Question: How to respond to the "everything you do here belongs to us" clause in the contract for prior experience and work?
I am about to accept a job offer and one of the items in the employee manual states that all work done whilst employed is considered "work for hire" and that the company owns it. Yes, I understand how that works and I'm fine with it.
One job item is to teach a certain software package. A major reason I am attractive to this company is my background in teaching the use of this software for several years as both a freelancer and a university professor. Over the years, I have written many lesson plans, learning materials, etc. and I've also been working on a textbook.
The company will want me to create learning materials etc. for the training I do for the company. These will be based on my past experience, etc. How do I pose the concept that my training materials should be exempt from the work for hire clause.
By the way, the company uses this software as part of their process to provide a service to their clients that have nothing to do with the software I will be teaching. For example, teaching MS Office to a pool supply company. Teaching Office is my job, but teaching Office elsewhere would not compete with the selling of pool supplies.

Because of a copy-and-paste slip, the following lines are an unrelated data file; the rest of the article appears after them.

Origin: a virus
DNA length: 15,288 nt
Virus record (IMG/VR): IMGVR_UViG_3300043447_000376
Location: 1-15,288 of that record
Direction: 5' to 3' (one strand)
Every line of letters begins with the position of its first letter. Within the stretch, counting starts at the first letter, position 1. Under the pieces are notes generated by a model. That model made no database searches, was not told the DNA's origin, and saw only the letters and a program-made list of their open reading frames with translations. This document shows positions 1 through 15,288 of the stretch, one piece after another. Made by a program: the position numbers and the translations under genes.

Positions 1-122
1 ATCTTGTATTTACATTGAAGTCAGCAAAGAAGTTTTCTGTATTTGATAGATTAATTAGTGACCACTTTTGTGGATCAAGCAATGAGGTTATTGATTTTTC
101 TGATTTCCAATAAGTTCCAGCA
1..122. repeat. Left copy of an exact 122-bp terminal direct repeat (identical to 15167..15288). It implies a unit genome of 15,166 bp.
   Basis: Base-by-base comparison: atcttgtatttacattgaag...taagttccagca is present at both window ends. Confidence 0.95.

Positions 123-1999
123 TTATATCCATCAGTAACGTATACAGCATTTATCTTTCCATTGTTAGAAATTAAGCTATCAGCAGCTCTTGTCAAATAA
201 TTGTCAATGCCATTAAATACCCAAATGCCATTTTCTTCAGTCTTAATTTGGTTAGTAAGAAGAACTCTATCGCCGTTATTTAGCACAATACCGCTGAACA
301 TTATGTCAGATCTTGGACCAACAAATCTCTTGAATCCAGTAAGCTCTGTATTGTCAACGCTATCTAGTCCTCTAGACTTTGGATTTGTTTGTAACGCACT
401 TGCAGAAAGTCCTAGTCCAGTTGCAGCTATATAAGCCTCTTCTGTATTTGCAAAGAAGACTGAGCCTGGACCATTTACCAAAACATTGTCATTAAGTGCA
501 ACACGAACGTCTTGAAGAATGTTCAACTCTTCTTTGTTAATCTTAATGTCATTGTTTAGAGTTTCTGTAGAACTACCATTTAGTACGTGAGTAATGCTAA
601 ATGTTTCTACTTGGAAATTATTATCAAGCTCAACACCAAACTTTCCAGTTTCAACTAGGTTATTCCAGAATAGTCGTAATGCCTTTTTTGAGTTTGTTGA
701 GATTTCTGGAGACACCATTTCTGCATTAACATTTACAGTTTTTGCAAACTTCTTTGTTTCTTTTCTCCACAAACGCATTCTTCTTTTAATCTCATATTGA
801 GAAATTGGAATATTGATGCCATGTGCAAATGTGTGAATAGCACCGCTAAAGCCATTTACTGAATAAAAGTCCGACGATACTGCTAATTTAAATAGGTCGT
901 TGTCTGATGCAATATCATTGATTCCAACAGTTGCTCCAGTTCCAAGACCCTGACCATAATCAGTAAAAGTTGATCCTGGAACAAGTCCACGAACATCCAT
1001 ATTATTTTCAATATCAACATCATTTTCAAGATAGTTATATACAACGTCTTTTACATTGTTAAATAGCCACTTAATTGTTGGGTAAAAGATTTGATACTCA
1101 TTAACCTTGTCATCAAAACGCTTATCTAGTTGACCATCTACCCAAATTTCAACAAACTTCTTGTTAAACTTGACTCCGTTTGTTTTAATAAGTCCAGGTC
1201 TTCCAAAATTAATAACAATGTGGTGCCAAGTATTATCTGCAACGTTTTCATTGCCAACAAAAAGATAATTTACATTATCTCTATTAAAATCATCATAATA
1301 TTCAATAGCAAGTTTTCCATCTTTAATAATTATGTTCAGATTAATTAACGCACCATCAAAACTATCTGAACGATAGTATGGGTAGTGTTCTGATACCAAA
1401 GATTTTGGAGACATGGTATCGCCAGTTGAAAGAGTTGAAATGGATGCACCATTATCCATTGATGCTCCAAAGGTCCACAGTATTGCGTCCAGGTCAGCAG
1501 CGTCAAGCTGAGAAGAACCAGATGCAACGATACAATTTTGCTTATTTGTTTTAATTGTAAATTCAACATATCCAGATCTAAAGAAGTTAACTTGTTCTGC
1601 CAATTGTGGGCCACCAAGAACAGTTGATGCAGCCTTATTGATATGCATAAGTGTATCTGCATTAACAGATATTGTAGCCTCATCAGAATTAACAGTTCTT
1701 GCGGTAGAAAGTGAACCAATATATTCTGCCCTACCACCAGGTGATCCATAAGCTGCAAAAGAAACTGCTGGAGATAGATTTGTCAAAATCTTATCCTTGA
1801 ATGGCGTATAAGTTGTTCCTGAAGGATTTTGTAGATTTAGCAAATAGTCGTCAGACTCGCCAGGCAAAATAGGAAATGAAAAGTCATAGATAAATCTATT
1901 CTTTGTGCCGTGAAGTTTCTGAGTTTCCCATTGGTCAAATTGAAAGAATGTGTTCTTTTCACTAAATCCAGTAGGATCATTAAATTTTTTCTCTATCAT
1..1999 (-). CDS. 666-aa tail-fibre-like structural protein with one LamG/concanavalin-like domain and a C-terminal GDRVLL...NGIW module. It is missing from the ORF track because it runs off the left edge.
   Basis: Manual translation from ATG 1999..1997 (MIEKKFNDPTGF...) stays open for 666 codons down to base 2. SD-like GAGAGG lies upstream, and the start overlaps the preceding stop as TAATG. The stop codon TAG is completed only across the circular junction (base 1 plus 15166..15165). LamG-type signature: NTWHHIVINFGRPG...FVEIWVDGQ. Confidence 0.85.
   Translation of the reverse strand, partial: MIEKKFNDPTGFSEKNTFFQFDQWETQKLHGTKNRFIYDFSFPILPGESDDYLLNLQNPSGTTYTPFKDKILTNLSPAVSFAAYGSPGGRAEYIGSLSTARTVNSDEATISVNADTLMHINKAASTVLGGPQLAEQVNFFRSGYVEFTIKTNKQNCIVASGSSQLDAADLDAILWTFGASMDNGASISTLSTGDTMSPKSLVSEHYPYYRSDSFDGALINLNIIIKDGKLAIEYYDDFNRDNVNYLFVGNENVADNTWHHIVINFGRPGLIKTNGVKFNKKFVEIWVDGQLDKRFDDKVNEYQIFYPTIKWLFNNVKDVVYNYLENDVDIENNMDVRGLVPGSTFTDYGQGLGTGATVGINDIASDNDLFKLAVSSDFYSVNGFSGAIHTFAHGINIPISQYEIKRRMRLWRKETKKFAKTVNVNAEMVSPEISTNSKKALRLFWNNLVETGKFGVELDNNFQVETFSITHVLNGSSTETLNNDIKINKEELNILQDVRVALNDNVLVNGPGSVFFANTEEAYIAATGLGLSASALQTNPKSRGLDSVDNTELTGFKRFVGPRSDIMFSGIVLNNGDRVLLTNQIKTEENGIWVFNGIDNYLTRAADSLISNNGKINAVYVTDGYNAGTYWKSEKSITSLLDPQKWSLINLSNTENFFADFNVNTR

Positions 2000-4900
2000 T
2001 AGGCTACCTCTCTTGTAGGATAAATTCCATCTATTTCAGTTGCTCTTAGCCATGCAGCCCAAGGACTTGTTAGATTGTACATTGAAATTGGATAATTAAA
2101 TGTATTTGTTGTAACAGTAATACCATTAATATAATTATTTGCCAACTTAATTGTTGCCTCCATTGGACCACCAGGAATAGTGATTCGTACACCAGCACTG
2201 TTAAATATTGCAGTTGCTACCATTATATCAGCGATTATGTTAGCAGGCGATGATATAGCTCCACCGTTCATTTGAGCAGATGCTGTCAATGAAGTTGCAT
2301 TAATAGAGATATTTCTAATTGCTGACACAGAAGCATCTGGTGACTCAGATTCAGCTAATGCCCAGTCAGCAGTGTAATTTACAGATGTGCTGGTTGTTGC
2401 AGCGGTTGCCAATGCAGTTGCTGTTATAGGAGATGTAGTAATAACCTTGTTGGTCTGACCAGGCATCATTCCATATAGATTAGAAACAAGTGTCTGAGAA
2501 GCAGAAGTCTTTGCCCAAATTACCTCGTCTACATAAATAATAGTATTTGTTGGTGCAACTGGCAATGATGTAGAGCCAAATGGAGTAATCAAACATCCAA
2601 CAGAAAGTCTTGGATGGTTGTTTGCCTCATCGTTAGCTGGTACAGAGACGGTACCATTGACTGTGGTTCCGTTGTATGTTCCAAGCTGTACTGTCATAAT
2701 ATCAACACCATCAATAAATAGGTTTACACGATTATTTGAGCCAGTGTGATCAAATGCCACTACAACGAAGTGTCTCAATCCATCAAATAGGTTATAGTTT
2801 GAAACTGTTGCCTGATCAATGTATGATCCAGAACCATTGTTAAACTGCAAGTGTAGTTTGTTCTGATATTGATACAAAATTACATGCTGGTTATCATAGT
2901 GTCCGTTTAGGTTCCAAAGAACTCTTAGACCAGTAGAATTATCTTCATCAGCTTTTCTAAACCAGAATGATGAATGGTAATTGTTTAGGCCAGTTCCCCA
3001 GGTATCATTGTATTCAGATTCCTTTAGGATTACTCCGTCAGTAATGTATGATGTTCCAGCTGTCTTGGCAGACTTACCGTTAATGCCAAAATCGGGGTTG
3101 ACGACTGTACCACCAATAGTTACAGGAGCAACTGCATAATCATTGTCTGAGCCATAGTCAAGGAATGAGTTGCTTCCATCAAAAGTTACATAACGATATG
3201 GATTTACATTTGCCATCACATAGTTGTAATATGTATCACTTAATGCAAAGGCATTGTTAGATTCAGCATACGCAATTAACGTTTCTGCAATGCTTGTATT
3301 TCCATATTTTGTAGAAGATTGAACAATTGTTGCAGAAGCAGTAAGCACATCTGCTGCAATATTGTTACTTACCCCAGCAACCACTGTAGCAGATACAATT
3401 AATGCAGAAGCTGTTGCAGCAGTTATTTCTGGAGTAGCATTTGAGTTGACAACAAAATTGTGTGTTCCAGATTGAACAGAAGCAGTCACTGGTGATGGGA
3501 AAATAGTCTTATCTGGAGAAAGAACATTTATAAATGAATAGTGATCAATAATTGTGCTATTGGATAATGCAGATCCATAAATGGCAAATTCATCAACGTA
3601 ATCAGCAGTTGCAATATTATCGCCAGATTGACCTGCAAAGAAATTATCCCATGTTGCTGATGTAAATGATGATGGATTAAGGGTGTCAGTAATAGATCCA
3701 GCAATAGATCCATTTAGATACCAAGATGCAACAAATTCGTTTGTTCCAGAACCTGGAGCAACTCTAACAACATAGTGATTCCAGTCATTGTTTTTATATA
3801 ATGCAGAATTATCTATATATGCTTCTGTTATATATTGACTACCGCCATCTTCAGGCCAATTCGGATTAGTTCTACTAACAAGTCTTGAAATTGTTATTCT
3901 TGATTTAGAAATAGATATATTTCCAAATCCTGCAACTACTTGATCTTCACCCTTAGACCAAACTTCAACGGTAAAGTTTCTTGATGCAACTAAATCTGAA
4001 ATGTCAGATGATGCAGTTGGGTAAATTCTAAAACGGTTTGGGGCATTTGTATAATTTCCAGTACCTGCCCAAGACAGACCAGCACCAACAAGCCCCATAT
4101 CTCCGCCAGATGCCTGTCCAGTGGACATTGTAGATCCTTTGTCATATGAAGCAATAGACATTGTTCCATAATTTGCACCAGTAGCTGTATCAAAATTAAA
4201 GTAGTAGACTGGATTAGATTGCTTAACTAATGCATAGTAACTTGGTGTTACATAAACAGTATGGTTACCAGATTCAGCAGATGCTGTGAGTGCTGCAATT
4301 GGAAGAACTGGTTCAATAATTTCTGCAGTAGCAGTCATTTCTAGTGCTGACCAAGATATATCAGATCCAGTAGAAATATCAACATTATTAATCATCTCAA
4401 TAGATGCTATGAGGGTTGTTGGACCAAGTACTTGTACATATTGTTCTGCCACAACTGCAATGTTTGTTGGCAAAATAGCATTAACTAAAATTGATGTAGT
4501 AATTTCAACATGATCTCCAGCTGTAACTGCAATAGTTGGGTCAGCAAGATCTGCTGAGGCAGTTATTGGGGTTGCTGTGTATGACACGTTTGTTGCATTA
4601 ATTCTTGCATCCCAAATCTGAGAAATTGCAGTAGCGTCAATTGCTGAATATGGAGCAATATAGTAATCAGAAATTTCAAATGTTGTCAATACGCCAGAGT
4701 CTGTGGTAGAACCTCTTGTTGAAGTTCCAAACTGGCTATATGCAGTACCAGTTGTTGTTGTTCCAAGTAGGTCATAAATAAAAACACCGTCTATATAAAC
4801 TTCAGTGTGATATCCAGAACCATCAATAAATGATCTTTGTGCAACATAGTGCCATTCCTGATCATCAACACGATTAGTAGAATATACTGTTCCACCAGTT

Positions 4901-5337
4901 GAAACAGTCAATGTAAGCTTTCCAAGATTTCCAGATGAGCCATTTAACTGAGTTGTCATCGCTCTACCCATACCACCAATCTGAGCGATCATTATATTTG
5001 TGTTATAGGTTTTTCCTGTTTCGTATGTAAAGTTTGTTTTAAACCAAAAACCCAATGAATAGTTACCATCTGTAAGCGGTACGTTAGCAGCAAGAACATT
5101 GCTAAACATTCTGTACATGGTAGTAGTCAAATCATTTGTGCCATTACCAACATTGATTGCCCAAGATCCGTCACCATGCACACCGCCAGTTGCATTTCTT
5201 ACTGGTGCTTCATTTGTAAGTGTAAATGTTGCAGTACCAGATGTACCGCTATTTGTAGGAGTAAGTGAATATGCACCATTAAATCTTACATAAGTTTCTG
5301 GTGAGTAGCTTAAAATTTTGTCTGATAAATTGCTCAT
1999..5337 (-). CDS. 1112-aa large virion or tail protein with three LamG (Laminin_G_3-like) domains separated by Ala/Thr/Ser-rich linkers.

Hire a Lawyer
Have a lawyer draft a clause to protect your interests. This shouldn't cost more than a few hundred dollars. When you go to sign the document, tell them you want to amend it with the clause. If they decline, you have the decision to make as to whether to take the job and lose your work or decline the offer.
Ditto on the advice to hire a
Ditto on the advice to hire a lawyer. I was involved in litigation where a former employer was throwing these issues around, and there are lots of legal twists and turns. You're dealing not only with what your legal rights are, but also with practical issues. For example, in our case, the litigation dragged on for a year and a half and was finally settled without a judge or magistrate having ever considered the merits of the case (or lack thereof). We quickly found out how naive we were when we thought, "They can't sue us. We haven't violated any agreements, and we haven't done anything wrong." It didn't matter. Suing people is part of a business strategy for many companies, and the merits have nothing to do with most business litigation.
If this does hit litigation, there's a good chance the legal merits of the case won't have any effect on the outcome. A lawyer will help you identify the danger zones and will help you protect yourself.
Thanks for the advice
Thank you for the lawyer advice. I'm checking into it.